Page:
In the other sites, nurse supervisors receive intensive training in quality improvement, systems thinking, and data analysis, and form a Collaborative with other supervisors. The supervisors are supported by five Quality Mentors from the University of Kwa-Zulu Natal trained by Brandon Bennett. Professor Nigel Rollins, chair of the Department of Maternal and Child Health at the University, leads the University’s involvement.
“We’re trying to determine if bringing the clinic teams themselves into the Breakthrough Series significantly accelerates improvement compared to focused learning at the nurse supervisor level,” says Barker. “This has very important implications for cost, because the cost of running a Breakthrough Series is high. We also want to see how fast we can move to effect change.”
Both Barker and Bennett say that one of the most exciting parts of this project is the strong partnership between IHI, the University, and the district health coordinators. “We are extremely fortunate to work with the University and with Professor Rollins,” says Bennett. “He is widely trusted and respected and, as relative newcomers to the region, we benefit tremendously from his help.”
The working partnership with the Department of Health is equally critical to the program’s success. “The closeness of our collaboration with the Department of Health is novel, and so important to this work,” says Barker. “This is the first situation where we are training existing Department of Health managers to be change agents. They have given us access to their database, and are making modifications in their infrastructure to accommodate this work. And by introducing improvement and new infrastructure within the Department, the program will be self-sustaining.”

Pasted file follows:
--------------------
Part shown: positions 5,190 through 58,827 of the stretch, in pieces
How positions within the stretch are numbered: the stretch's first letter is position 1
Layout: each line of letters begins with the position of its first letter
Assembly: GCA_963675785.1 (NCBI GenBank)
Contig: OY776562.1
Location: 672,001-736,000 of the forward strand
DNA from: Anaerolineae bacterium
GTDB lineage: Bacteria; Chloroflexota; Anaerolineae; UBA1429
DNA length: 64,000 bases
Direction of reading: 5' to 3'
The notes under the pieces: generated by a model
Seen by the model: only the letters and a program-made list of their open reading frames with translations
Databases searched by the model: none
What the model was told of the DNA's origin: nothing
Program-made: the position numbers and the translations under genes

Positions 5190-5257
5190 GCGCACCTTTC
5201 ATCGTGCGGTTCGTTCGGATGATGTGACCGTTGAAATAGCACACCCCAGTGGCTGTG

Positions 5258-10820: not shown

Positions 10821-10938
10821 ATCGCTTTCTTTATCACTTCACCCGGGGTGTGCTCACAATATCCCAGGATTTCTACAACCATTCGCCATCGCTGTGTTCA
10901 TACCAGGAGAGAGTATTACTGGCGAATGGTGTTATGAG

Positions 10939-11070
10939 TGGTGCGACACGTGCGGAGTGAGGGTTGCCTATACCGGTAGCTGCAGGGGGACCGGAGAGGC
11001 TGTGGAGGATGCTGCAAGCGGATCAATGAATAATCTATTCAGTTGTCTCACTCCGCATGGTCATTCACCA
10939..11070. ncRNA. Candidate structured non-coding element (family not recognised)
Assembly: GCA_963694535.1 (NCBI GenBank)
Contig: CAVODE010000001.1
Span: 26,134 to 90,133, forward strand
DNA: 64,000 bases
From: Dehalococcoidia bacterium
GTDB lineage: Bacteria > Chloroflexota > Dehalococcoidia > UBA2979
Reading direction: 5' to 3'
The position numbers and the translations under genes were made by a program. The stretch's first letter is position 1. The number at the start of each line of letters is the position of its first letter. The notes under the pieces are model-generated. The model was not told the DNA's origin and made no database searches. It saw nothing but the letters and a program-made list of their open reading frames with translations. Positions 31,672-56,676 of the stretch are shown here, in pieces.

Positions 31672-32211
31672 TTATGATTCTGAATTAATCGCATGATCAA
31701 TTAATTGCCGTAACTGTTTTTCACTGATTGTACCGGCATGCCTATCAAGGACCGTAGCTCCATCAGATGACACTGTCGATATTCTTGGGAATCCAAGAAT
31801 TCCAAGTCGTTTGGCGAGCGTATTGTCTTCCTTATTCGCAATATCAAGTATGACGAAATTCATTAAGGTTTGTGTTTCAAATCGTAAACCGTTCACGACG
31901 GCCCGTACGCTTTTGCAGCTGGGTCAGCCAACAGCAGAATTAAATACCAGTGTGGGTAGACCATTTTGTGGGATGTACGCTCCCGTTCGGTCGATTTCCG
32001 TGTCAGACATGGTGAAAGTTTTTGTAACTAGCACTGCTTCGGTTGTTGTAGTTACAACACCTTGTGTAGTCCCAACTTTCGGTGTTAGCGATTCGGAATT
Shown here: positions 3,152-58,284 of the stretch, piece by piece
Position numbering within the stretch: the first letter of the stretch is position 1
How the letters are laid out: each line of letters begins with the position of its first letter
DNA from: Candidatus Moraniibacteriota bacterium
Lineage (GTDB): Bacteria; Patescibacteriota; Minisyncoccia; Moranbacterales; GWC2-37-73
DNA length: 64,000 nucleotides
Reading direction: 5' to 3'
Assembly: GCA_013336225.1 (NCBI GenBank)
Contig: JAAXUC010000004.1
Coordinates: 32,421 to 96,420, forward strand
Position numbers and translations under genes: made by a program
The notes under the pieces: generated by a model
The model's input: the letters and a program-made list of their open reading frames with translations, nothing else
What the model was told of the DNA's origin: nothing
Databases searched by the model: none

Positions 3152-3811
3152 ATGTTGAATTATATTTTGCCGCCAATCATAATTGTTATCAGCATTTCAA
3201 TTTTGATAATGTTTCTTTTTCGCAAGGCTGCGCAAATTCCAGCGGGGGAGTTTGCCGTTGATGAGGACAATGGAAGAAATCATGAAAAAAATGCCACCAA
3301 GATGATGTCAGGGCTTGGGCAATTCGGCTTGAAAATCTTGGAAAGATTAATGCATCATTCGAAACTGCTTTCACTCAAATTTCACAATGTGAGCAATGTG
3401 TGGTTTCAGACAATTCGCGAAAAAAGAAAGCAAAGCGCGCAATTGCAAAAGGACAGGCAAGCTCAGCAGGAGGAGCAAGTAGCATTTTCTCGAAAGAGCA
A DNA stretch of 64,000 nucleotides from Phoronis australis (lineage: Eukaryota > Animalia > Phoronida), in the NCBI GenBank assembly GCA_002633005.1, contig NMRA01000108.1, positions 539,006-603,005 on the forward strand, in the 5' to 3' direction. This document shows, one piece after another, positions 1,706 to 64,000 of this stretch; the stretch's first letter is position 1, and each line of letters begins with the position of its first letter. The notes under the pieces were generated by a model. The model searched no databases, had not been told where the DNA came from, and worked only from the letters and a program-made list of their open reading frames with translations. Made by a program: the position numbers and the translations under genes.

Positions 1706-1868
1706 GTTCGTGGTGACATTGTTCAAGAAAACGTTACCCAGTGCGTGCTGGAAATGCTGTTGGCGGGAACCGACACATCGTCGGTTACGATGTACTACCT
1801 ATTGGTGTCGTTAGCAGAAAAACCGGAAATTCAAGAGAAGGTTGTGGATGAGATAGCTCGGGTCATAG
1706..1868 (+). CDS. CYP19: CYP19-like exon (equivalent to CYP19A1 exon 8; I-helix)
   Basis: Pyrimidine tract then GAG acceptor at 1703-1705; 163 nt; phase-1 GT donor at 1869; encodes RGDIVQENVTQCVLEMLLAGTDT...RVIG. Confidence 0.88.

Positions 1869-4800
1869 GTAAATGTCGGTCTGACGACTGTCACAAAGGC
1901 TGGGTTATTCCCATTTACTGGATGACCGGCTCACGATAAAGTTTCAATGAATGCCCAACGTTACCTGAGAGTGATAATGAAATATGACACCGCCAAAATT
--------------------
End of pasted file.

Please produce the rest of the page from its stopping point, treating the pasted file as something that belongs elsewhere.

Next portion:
“Anytime you approach improvement work in the developing world — or anywhere, really — you are faced with issues of sustainability,” says Bennett. “How are you going to create a system of care that will outlast your particular intervention? By working with the Department of Health we are able to create an enduring place for knowledge as well as practices around improvement. We are expanding the capacity of people with careers in the Department of Health to lead improvement work.”